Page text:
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Is it worth it going to college to get your masters degree for medical?

One of the career choices I'm debating on requires a master's degree, and I know that getting a master's degree will not be easy and expensive.

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Subject: Career question for you

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Karin’s Answer

Hi Lydia,

Only you can decide if it is worth it FOR YOU. How badly do you want to be a nurse midwife?

If you really want it, you should be eager to get the appropriate level of education and experience. Becoming a nurse midwife requires a graduate level degree. You'll have a lot of responsibility as a nurse midwife and will have to make split- second decisions while someone's life is on the line. A mother can bleed out in minutes. A baby can suffocate within minutes during birth.

A graduate program requires that you earn a bachelors first. After your bachelors you can "just" be a nurse though if you don't want to continue in school. Or you can take a break and work for a couple of years before you tackle the masters.

I hope ths helps!

KP
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Shanesha’s Answer

Hello Lydia!

This is a great question. I appreciate you for taking the time out to inquire. There isn't a simple answer to this question.
A Master's degree will not be easy but it can be worth it. It does not always have to be expensive. You would want to weigh your options between the two career paths and see which makes the most sense for you.
One way to avoid paying for a Master's degree would be working at a company that offers tuition reimbursement. Many jobs will work with you when it comes to helping you obtain a post graduate degree.
Try looking at companies that offer both of the career paths you are interested in. Many jobs offer programs, loans, grants and other things to help you get a better education. Don't let expenses stop you from achieving any goal you have.
Trust me, you can graduate with a Masters debt free.

Shanesha recommends the following next steps:

https://www.investopedia.com/financial-edge/0611/7-ways-to-get-through-grad-school-debt-free.aspx
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Patrick’s Answer

Lydia, I want to first thank you for reaching out and asking your questions regarding whether you should seek a master’s degree or not. Lydia your consideration of pursuing a master's degree in the medical field is a significant decision, and it's commendable that you are weighing the pros and cons thoughtfully. I hope the information that I have below provides you some insight and/or help.

Firstly, it's important to understand that obtaining a master's degree in a medical profession can indeed broaden your career horizons, allowing you to concentrate on a specific area and often leading to roles with greater responsibilities and leadership opportunities. While it's true that earning a master's degree can be demanding and requires a financial commitment, it's vital for you to assess the potential advantages in relation to your long-term career objectives. A master's degree can boost your proficiency, possibly leading to a more rewarding and influential career in healthcare.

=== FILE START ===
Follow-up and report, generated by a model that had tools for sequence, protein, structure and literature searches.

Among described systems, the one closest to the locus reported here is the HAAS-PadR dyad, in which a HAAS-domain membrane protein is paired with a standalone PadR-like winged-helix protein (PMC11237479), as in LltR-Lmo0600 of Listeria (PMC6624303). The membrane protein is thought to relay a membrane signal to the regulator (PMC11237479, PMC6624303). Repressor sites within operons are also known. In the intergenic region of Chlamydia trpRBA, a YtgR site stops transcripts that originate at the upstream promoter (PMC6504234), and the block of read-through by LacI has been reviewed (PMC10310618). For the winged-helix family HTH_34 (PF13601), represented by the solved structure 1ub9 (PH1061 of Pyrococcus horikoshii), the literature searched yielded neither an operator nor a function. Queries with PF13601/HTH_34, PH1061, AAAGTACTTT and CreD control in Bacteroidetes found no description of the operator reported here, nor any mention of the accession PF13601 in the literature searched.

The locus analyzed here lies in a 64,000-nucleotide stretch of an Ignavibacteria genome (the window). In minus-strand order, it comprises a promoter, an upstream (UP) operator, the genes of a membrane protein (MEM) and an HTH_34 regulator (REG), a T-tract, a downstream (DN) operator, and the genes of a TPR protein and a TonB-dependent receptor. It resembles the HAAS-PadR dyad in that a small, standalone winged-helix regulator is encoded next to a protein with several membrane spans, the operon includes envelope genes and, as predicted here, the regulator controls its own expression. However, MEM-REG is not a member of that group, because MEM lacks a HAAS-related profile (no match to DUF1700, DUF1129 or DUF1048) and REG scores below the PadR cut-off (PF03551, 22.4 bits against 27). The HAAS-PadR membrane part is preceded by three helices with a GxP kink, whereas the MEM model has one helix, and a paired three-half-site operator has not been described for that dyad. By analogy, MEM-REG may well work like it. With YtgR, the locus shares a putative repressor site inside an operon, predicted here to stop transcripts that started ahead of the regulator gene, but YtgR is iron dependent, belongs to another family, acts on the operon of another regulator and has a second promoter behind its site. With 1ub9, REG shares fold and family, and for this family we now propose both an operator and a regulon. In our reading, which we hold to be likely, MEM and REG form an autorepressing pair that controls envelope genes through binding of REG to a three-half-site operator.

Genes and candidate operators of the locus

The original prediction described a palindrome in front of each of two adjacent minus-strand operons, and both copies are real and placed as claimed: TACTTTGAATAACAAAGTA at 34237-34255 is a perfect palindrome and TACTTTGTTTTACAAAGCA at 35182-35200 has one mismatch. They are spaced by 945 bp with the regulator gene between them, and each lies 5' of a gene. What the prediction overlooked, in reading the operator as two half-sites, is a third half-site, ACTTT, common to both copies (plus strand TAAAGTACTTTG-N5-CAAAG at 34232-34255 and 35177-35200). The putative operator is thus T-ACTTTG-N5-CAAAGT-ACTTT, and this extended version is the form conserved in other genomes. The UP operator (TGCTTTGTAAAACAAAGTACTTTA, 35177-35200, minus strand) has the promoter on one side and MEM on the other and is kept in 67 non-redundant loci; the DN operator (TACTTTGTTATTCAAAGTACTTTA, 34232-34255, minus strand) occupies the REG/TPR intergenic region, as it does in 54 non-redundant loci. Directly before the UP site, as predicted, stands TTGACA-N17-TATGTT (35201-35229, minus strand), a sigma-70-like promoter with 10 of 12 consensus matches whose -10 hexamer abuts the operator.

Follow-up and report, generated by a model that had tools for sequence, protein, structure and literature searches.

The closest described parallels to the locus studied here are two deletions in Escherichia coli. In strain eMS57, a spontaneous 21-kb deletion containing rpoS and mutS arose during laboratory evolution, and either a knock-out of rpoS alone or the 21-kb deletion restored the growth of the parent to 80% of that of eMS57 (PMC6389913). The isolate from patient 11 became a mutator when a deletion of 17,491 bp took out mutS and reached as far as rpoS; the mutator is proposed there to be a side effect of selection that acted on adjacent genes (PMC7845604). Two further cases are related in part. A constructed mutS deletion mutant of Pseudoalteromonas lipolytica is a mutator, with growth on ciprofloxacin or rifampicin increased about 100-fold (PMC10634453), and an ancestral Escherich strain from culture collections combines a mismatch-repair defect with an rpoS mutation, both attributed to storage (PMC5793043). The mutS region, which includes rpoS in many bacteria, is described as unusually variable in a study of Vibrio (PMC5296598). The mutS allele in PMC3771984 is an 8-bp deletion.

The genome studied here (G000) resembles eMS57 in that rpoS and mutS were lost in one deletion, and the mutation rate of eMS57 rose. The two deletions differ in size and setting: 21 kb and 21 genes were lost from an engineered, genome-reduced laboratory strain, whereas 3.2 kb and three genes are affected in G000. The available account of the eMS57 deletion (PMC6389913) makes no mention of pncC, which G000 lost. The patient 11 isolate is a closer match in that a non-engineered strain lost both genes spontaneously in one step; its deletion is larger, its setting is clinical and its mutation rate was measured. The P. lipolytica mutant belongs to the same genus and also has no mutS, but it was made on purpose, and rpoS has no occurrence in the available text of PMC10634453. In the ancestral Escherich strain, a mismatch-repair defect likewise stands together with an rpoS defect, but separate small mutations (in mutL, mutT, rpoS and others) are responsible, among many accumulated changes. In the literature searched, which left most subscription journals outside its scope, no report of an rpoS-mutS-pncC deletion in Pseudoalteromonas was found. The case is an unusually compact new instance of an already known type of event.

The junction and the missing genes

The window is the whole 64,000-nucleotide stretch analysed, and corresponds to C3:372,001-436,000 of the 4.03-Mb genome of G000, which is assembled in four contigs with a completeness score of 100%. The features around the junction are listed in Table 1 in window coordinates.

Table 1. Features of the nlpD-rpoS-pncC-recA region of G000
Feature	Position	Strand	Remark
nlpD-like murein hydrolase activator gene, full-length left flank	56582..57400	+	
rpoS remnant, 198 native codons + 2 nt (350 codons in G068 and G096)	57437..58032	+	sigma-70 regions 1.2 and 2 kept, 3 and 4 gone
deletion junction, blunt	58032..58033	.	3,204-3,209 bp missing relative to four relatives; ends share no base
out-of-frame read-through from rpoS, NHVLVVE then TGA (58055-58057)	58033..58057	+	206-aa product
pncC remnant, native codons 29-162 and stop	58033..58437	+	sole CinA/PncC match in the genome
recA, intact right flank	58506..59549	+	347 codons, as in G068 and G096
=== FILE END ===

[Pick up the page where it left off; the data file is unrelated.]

Furthermore, it could lead to a higher earning potential over the course of your career. Lydia, it's crucial that you thoroughly research the specific prerequisites and career paths related to your chosen field, consider the potential return on investment, and look into financial aid options, such as scholarships or grants.

Lydia, always remember that the choice to pursue a master's degree should be in line with your professional goals. I urge you to seek advice from mentors, professionals in your intended field, and academic advisors to make a well-informed and confident decision about your educational path in the medical profession.
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Martha’s Answer

Hi, Lydia - I also commend you for thinking through your potential career choices so thoroughly. And Shanesha has given you excellent advice. I just want to add a few points:
- Hospitals have special programs for funding nursing education since there has been a nursing shortage for quite a while. So look at those programs when considering jobs
- Some masters programs will give academic credit for work experience, which would shorten the time to degree and potentially tuition
- Looking at nursing again, there are several professional levels so you could earn a credential, gain some experience, and then seek further education to progress to the next level. Or, based on what else is happening in your life, you may want to stay at a specific level, and that is great, too.
- I completed my master's degree (not in healthcare) while working full-time and agree that it was challenging. Everyone is different, but I did fine completing the coursework. My struggle was completing the thesis because it was so solitary. If I had it to do again, I might find a buddy to study, research, or write with for the motivation and accountability.
Good luck!

Martha recommends the following next steps:

Read article on funding nursing education -https://post.edu/blog/how-to-pay-for-nursing-school/
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